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October 25th, 2013, 03:56 AM   #1
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Partial quotient division

Hello,
can someone tell me how can i learn this?I just don't see what i should do with the quotients to divide them into partial quotients.
For example:
1/(n*(n+3))
or 1/((3n-2)*(3n+1))
etc
Please don't just tell me the solution i want to know how to treat these quotients.I need this to calculate infinite sums like sum( 1/((3n-2)*(3n+1)) ) n=1 to infinity.
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October 25th, 2013, 05:14 AM   #2
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Re: Partial quotient division

Well, the basic idea is to solve the diophantine equation mA + nB = 1 over Z[m, n] where mn is the denominator of the fraction you want to split.
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October 26th, 2013, 03:56 AM   #3
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Re: Partial quotient division

but in that equation you have 4 unknown
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October 26th, 2013, 04:36 AM   #4
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Re: Partial quotient division

Quote:
Originally Posted by ricsi046
but in that equation you have 4 unknown
2 unknowns, actually. (m, n) is the denominator pair.
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October 29th, 2013, 08:41 AM   #5
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Re: Partial quotient division

sorry for the late answer,but if i have a fraction like this:
1/(n*(n+1)*(n+2)) i can make it like this 1/((n^2*n)*(n+2))
then i have this equation
(n^2*n)*x + (n+2)*y = 1
and how do i solve it?we have learnt only a bit about diophantine equations(solved equations like 21x+31y=121)
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October 29th, 2013, 09:54 AM   #6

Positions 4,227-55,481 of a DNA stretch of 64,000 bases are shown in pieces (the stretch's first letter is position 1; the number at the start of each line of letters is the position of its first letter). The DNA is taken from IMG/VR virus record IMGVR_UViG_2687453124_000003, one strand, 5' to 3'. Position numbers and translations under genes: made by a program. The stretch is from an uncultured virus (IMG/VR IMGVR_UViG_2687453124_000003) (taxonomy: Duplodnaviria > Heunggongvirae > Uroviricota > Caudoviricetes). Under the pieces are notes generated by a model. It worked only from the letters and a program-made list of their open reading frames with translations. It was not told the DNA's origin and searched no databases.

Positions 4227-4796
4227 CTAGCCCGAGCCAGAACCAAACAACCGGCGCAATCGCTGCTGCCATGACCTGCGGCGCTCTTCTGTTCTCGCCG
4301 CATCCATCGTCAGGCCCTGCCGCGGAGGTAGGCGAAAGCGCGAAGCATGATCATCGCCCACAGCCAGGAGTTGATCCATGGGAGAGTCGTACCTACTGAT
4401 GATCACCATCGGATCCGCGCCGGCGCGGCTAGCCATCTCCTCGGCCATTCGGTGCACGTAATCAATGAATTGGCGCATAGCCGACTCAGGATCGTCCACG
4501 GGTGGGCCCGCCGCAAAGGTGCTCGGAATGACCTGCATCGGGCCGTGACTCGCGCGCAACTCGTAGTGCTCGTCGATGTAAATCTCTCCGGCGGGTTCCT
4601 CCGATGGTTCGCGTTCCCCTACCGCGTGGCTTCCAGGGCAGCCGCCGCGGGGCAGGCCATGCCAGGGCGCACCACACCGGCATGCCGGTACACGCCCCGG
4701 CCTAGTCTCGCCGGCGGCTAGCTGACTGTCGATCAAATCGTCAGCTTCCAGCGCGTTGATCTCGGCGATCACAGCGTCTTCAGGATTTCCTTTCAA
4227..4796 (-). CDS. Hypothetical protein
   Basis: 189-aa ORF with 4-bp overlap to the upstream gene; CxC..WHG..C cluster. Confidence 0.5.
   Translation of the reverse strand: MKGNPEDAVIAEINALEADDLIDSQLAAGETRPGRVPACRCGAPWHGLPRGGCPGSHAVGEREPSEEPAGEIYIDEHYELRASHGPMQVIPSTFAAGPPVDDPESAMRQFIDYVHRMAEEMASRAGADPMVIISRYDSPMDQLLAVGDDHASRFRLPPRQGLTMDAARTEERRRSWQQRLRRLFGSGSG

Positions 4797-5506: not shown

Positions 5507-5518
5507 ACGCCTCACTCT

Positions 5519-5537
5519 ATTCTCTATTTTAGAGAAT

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Re: Partial quotient division

Quote:
Originally Posted by ricsi046
1/(n*(n+1)*(n+2)) i can make it like this 1/((n^2*n)*(n+2))
It's better to partially factorize it when in the 3rd form. I will show you how to do it by a simple example :

1/((3n + 1)*(3n - 2)). If one considers it factors as A/(3n + 1) - B/(3n - 2), then A = B = 1 gives 3n - 2 - 3n + 1 = -1 in the numerator. So, you have the decomposition now.

Do you see how it is done? Can you do a few exercises by yourself?
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October 29th, 2013, 10:16 AM   #7
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Re: Partial quotient division

in my example i got A=1,B=1/n is that correct?
so 1/((n^2*n)*(n+2)) = (1/(n^2*n))-((1/n)/(n+2)) = (n + 2 - n - 1)/(n^2*n)*(n+2) = 1/((n^2*n)*(n+2)).
Isn't it a problem that B is not a fixed number?I need to work with series and create telescopic sums,thats why i need partial quotient division.
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October 29th, 2013, 11:13 AM   #8
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Re: Partial quotient division

Quote:
Originally Posted by ricsi046
Isn't it a problem that B is not a fixed number?
Yes, it would. That's why said that you need to use 1/(n(n+1)(n+2)) rather than 1/((n^2+n)(n+2)).

By using the former, one arrives at the diophantine form (n + 1)(n + 2)A + n(n + 2)B + n(n + 1)C = 1. Put n = -1 to have B = -1, n = 0 to have A = 1/2 and n = -2 to get C = 1/2.

Balarka
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October 29th, 2013, 11:51 AM   #9
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Re: Partial quotient division

ah i see,so i can have many letter(A,B,C,D,...) not only 2.
Now i don't understand why is it (n + 1)(n + 2)A + n(n + 2)B + n(n + 1)C = 1 ?
why not n*A + (n+2)*B + (n+2)*C =1 ?
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October 29th, 2013, 12:19 PM   #10
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Re: Partial quotient division

Quote:
Originally Posted by ricsi046
why not n*A + (n+2)*B + (n+2)*C =1 ?
If your partial decomposition is of the form A/n + B/(n+1) + C/(n+2), Don't you have (n + 1)(n + 2)A + n(n + 2)B + n(n + 1)C = 1?
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